Feeds

Voyager ticks one box for interstellar arrival

“Very rapid escalation” in galactic rays hints at new region of SPAAAAAACE

A new approach to endpoint data protection

The venerable Voyager 1 spacecraft seems to be a little closer to leaving our Sun's neighbourhood behind and entering interstellar space, says NASA.

The space agency has outlined three criteria that must be satisfied before Voyager will be deemed to have left the heliosphere, the first of which is detection of galactic cosmic rays. Voyager apparently detected a 25 per cent increase in such rays between January 2009 and January 2012, but recent readings apparently surpass that rate of growth and represent a “very rapid escalation” in galactic ray detection.

Where are the voyagers?

The Voyagers are here, NASA says

The second factor NASA believes could point at crossing the threshold between solar space and interstellar space is measurement of energetic particles found near the sun. The agency's recent report on Voyager 1's progress says the probe has found a “slow decline” in the prevalence of such particles, but there's no smoking gun just yet. Indeed, NASA says if Voyager had passed beyond the heliosphere we would expect their presence to drop off “precipitously”.

The third sign that Voyager 1 has well and truly left the building would be a re-orientation of magnetic fields around the craft. There's no sign of that yet.

NASA officials nonetheless gushed about the possibility that Voyager 1 might break through into interstellar space real soon now. Indeed, it may already have done so, as the agency says it's crunching recently-arrived data in ongoing efforts to ascertain just what's going on out there.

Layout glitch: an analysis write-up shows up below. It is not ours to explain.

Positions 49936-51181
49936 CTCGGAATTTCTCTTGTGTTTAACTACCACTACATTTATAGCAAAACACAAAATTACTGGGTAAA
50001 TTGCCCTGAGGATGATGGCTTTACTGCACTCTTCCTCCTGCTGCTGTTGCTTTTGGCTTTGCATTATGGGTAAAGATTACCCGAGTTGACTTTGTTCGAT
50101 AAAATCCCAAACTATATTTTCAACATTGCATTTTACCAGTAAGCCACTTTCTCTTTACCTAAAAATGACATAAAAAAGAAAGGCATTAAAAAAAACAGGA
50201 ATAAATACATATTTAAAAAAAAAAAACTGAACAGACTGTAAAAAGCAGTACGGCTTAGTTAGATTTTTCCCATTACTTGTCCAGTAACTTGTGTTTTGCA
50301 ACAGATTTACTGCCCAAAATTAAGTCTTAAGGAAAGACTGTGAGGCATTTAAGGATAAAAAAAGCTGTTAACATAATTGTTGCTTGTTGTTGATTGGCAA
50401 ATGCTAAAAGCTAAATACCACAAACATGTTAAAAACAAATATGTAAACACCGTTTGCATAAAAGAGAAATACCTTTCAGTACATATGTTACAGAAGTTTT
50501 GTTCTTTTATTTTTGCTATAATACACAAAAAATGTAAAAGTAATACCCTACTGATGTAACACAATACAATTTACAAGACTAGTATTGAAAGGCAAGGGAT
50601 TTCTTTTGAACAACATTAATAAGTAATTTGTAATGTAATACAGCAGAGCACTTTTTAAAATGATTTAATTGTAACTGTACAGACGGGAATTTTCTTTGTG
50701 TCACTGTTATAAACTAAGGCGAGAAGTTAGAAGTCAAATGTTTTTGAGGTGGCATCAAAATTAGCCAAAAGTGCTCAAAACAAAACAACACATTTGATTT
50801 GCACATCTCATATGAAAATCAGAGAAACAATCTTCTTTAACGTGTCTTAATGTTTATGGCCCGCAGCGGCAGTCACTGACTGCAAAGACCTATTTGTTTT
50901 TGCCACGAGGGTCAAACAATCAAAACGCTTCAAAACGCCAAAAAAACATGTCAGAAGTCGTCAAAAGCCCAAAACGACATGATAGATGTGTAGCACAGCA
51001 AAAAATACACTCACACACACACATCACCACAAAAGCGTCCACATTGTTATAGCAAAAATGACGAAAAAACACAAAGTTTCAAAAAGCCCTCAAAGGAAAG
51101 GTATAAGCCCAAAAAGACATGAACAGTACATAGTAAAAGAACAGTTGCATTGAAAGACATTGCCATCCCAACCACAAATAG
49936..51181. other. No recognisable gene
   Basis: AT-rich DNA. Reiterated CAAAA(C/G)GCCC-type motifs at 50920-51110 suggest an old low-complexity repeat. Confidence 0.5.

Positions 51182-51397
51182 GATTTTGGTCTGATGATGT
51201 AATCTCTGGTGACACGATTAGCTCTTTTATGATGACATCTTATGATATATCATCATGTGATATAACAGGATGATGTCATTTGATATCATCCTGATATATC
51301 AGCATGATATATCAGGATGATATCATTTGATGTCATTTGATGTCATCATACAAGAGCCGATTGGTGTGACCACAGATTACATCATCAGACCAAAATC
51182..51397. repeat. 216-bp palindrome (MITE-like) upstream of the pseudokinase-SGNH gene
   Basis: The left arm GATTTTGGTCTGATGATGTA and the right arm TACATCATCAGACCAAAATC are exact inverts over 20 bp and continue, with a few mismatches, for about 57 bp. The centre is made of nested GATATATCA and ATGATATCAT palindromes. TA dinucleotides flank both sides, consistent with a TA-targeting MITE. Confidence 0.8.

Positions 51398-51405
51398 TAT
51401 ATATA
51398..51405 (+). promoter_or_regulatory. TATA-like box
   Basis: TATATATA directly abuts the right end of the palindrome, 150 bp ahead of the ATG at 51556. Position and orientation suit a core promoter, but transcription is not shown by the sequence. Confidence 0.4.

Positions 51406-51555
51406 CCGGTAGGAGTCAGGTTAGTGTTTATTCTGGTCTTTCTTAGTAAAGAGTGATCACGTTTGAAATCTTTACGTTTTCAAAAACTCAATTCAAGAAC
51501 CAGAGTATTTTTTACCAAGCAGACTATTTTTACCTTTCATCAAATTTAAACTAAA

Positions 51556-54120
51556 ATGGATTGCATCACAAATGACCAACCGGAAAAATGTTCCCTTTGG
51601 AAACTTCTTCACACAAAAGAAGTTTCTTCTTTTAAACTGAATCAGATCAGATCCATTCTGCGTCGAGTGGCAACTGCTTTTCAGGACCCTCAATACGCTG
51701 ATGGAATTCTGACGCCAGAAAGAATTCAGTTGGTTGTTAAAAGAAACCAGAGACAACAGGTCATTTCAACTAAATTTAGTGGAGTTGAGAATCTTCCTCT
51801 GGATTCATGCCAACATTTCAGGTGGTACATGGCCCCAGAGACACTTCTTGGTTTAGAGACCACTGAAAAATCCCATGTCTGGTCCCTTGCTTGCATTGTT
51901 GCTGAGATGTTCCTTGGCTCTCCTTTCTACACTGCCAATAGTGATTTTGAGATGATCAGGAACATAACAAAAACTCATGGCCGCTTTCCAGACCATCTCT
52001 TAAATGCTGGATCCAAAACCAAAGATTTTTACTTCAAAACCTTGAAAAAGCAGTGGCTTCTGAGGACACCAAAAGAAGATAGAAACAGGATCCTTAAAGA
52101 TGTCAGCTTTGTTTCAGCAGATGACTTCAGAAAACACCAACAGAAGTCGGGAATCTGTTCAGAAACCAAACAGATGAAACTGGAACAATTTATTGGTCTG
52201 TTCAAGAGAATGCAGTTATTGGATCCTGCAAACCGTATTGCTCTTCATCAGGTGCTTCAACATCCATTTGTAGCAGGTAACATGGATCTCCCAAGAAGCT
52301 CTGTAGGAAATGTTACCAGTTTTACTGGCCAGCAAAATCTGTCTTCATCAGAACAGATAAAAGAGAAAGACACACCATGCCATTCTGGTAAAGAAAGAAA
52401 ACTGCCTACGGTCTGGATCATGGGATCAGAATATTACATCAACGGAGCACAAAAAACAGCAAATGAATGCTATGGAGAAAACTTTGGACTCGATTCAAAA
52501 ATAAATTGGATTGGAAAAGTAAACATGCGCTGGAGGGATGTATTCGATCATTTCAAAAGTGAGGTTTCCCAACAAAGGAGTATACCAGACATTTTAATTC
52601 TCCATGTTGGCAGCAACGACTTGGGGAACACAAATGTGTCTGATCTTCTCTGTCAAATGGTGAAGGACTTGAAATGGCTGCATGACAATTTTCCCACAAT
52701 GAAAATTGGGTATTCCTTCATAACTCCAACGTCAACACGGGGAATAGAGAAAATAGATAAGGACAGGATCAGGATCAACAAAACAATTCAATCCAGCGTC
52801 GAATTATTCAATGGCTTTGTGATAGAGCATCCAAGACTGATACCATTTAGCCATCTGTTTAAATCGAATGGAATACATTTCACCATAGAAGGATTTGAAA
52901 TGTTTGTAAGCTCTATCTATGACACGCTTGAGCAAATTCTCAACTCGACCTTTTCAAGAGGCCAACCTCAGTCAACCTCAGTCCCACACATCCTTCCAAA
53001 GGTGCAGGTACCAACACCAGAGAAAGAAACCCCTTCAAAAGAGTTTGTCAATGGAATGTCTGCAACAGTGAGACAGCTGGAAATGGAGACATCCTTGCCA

Voyager's high gain antenna, which sends science data back to earth, is said to send data at rates “ … as high as 7.2 kilobits per second”. Recent reports suggest the probe is 17,911,000,000km from earth, so we're pretty sure there's a few packets dropped along the way. That could make ascertaining just when the craft enters interstellar space a tad tricky, you'd imagine. ®

The Essential Guide to IT Transformation

More from The Register

next story
Boffins spot weirder quantum capers as neutrons take the high road, spin takes the low
Cheshire cat effect see neutrons and their properties walk different paths
Just TWO climate committee MPs contradict IPCC: The two with SCIENCE degrees
'Greenhouse effect is real, but as for the rest of it ...'
Brit amateur payload set to complete full circle around PLANET EARTH
Ultralight solar radio tracker in glorious 25,000km almost-space odyssey
NASA Mars rover FINALLY equals 1973 Soviet benchmark
Yet to surpass ancient Greek one, however
Famous 'Dish' radio telescope to be emptied in budget crisis: CSIRO
Radio astronomy suffering to protect Square Kilometre Array
BEST BATTERY EVER: All lithium, all the time, plus a dash of carbon nano-stuff
We have found the Holy Grail (of batteries) - boffins
prev story

Whitepapers

7 Elements of Radically Simple OS Migration
Avoid the typical headaches of OS migration during your next project by learning about 7 elements of radically simple OS migration.
Implementing global e-invoicing with guaranteed legal certainty
Explaining the role local tax compliance plays in successful supply chain management and e-business and how leading global brands are addressing this.
Consolidation: The Foundation for IT Business Transformation
In this whitepaper learn how effective consolidation of IT and business resources can enable multiple, meaningful business benefits.
Solving today's distributed Big Data backup challenges
Enable IT efficiency and allow a firm to access and reuse corporate information for competitive advantage, ultimately changing business outcomes.
A new approach to endpoint data protection
What is the best way to ensure comprehensive visibility, management, and control of information on both company-owned and employee-owned devices?